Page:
Naked City

Doggett Opposes Funding SOA

U.S. Rep. Lloyd Doggett
U.S. Rep. Lloyd Doggett

Last week, U.S. Rep. Lloyd Doggett, D-Austin, became the 112th co-sponsor of H.R. 1810, which would end congressional funding for the U.S. Army's School of the Americas. The bill, the seventh such attempt to cut off funding to the School, was introduced by Massachusetts Democrat Jim McGovern last year, and is expected to reach the House floor for a vote in September as an amendment to the Foreign Operations bill. "The horrible human rights records of many [SOA] graduates are totally unacceptable and conflict directly with those liberties we value as Americans," said Doggett. He joins Sheila Jackson-Lee, D-Houston, and Ron Paul, R-Victoria, as Texan co-sponsors of the bill.

The SOA, now called the Western Hemisphere Institute for Security Cooperation, has been the target of citizen and legislative ire for years, as increasing numbers of its graduates are found guilty of human rights violations across Latin America. Just two months ago, an SOA graduate was arrested for allegedly murdering a Colombian archbishop. Opponents annually meet at Ft. Benning, Ga., to participate in symbolic funeral processions honoring victims of SOA-related violence -- an act of civil disobedience. More than 70 people, including SOA Watch Founder and Maryknoll priest Roy Bourgeois (scheduled to visit Austin Oct. 14-16), have served time behind bars for trespassing onto the base during these demonstrations.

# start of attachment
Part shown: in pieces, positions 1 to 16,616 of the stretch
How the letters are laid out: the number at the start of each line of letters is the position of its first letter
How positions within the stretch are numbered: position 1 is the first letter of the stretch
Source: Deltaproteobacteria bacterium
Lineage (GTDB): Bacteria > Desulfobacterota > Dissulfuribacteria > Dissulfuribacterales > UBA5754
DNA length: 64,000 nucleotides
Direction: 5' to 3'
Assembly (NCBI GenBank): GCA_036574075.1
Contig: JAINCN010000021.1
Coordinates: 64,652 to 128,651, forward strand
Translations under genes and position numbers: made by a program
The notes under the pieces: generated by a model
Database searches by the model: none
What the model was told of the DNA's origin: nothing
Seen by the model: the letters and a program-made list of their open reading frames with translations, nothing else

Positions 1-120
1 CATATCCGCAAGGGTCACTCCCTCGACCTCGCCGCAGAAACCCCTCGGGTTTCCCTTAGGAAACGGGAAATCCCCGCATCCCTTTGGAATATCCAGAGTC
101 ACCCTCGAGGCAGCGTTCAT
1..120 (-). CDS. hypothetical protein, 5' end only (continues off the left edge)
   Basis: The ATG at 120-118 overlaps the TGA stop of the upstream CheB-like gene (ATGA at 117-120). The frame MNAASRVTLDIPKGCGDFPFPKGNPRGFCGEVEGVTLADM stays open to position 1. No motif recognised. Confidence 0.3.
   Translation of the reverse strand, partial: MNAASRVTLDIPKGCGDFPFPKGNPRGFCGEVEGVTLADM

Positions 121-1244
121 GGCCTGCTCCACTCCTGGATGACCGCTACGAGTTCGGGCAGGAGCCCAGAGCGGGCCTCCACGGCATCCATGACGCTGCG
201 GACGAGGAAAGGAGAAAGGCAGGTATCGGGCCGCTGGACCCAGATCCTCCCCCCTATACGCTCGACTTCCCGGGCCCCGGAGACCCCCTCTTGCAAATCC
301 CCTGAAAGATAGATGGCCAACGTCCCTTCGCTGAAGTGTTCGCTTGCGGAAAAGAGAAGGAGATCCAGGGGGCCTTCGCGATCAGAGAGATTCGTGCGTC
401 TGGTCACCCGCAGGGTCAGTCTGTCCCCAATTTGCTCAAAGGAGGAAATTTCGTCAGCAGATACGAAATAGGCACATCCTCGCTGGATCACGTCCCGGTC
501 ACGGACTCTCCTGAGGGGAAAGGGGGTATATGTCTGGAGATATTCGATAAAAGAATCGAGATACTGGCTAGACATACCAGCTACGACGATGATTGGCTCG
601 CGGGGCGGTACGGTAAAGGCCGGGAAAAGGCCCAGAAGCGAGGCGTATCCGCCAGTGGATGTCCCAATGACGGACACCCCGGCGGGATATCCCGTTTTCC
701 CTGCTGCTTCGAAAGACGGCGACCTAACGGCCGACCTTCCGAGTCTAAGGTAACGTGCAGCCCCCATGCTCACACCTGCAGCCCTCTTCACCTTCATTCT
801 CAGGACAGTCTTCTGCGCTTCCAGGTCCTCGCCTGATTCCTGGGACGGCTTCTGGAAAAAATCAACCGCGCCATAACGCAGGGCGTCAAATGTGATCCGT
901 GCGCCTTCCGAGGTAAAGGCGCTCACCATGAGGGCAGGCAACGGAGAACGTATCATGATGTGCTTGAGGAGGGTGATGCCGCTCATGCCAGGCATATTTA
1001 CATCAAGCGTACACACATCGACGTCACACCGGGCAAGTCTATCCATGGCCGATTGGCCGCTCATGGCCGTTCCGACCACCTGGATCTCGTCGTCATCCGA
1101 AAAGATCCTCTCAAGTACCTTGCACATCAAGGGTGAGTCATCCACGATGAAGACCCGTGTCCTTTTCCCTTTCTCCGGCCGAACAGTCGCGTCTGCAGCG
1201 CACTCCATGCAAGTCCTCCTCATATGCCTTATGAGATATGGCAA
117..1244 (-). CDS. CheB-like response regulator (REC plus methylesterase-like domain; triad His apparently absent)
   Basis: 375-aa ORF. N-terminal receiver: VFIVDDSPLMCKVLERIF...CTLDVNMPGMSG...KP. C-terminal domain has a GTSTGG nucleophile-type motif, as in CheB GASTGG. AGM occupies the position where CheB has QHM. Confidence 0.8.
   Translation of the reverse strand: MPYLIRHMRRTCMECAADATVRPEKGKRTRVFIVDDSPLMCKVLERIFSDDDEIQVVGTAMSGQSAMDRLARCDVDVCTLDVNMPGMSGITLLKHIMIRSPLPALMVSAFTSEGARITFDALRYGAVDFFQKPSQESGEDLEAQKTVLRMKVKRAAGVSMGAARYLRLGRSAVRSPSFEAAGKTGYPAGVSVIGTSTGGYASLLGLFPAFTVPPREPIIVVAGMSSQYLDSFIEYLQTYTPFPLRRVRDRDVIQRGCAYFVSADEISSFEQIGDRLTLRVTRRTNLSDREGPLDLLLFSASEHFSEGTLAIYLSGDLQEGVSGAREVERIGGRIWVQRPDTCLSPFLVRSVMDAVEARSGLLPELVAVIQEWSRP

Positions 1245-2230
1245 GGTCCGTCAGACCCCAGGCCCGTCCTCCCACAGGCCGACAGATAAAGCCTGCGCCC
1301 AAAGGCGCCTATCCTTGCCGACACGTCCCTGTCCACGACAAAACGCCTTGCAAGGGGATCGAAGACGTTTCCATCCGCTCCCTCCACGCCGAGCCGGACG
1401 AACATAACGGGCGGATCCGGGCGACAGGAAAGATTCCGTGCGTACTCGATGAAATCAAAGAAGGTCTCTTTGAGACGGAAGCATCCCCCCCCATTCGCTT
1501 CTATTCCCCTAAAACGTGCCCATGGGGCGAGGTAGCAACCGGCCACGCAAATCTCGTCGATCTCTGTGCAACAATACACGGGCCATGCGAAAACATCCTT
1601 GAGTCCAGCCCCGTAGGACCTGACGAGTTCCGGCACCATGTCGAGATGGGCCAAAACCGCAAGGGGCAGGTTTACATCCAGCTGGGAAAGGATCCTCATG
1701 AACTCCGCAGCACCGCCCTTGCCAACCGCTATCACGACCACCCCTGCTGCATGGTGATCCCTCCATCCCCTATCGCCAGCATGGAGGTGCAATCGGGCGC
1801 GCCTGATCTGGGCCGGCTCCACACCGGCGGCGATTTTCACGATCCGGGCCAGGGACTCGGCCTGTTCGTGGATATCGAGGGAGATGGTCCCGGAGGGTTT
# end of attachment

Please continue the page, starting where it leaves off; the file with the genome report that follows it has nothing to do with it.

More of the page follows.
Ultimately, the School of the Americas will close down when Congress removes its funding -- an estimated $16 million to $20 million per year. But SOA officials don't seem threatened by H.R. 1810, which needs 80 or 90 more co-sponsors to pass.

"We don't have a say in what happens," said SOA Public Affairs officer Lee Rials. He denies that the school teaches soldiers -- from Colombia, Ecuador, and other Latin American countries -- to torture and assassinate civilians. "People here are doing exactly what Congress wanted them to do when they created the Institute ... Our military has never taught, in any place, things that are illegal, unethical or immoral."

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